Perhaps you can relate to clients who have reached out to me after a job loss or extended search feeling as if they were caught unawares and with very little in the way of preparation. Or, if you’re currently employed, how well are you prepared for a sudden merger, department downsizing or an increasingly-aggravating boss who makes you want to get out?
This may have happened to you, somebody you know, or your ‘spidey sense’ tells you a plot twist is coming to your steady job. It has been said that one of the hallmarks of the new workplace is that everyone has been through one transition or another. How do you best position yourself for involuntary job change before the crisis hits?
To start, it is helpful to understand that career management is an ongoing process—a constant work in progress. Take a look at the checklist below and see how you score for career transition readiness. Coincidentally, most of these items are the initial focus of career counseling, and what clients say they wish they had been doing. And, a huge bonus of this list is that I had it vetted and ranked with the input of seven professional career counselors and coaches.
How ready are you – checklist. In counselor’s order of importance, here are eight actions of a career- savvy individual:
- Get networking! At least 1 meeting a month and 100 contacts in your network
- Refine your career focus and personal mission
- Use on-line tools like LinkedIn
- Volunteer, especially skills-based work
- Hire a guide – do a career check up with a career counselor/coach
- Ensure your résumé is up- to-date and compelling
- Practice a change-resilient attitude where you remain centered and grounded
- Build your knowledge (continuing education)
Add up your score: 6 – 8, more ready than not; 3 – 5, may have a safety net; 0 – 2, catchup ASAP! Most new career clients over-emphasize the importance of having a resume first. Are you surprised by how low it ranks on this list? Of course if you have only two items, career counselors believe the top two from the list clearly outplay the bottom two.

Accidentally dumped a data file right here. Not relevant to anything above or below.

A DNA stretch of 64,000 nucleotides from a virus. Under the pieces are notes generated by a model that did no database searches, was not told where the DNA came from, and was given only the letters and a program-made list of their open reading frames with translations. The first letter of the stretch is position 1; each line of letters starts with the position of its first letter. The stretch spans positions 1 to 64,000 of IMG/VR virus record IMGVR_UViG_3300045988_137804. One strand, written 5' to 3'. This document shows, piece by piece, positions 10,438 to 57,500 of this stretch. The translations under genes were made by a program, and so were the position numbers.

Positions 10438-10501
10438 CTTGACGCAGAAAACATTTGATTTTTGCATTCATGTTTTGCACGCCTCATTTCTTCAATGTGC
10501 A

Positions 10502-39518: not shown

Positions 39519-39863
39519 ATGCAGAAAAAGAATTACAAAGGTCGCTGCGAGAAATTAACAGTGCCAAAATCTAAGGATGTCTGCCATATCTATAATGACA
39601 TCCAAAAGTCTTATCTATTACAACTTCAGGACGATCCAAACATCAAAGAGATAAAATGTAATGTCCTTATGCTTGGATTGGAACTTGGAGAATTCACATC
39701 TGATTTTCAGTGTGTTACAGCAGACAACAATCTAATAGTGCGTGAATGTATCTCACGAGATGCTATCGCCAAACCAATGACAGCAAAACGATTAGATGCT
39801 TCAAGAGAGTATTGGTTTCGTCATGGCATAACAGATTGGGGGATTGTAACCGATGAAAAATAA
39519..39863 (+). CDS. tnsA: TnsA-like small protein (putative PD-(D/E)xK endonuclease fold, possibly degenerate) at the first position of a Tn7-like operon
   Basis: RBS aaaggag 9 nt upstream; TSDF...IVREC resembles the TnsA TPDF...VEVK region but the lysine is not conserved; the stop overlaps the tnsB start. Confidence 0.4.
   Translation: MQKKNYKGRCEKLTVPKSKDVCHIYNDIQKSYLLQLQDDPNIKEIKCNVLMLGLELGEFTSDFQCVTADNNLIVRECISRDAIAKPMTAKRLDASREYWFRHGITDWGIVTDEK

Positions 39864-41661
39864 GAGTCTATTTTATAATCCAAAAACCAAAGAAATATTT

Biggest bang. Realize that career transitions are going to happen to you, and will include a mix of things you can control and things you can’t. You may not have much say in the timing or the outcome, but you can initiate the process of self-preparation. Begin with the top three items on the checklist for the biggest impact:
- Networking. I understand the bad rap about networking. But it isn’t really about getting up the nerve to attend networking events where you’ll present canned phrases about yourself and hand out your business card to as many people as possible. Rather, it’s about developing sincere, reciprocal relationships with people who are willing, like you, to step outside their own bubble and help others. Tips and strategies abound, and career counselors can also help you catch on and catch up with networking.
- Career focus. Let’s say you’re clear on the type of work you don’t like (probably your current job), but you don’t know what would be a better fit for you. It takes commitment, and various action steps like the “Self-inventory” in Parachute (chapter 7), and maybe a little help, to get unstuck and gain clarity on best-fit career choices. Then it’s ‘watch out world’ as you enfold your master plan.
- LinkedIn. For the uninitiated, LinkedIn is a vast social network centered on careers, and it enables users to connect and share content with other professionals, including colleagues as well as recruiters and potential employers. Whether you already have a profile and need to build your identity, or are about to sign up (hint, hint), all can benefit by referencing LinkedIn’s own Help Center.
Feel readier? Take action on your plan from the above checklist items every month, if not every week. We’re talking about taking a proactive rather than a reactive approach to career management. Behave as if you are an entrepreneur, and you are your own company—know your product, be seen, and deliver value to your network. If you feel stuck or hesitant, see my previous blog on Getting a Guide, and by all means get going!
Dave Gallison, MS, LPC
Dave specializes in a short term, action-oriented approach to providing career management solutions to clients seeking to choose, change or advance their careers and reach their professional and personal potential. His unique strength as a career counselor is preparing you for informational interviews and directly assisting you in gaining access to employed contacts within desired organizations.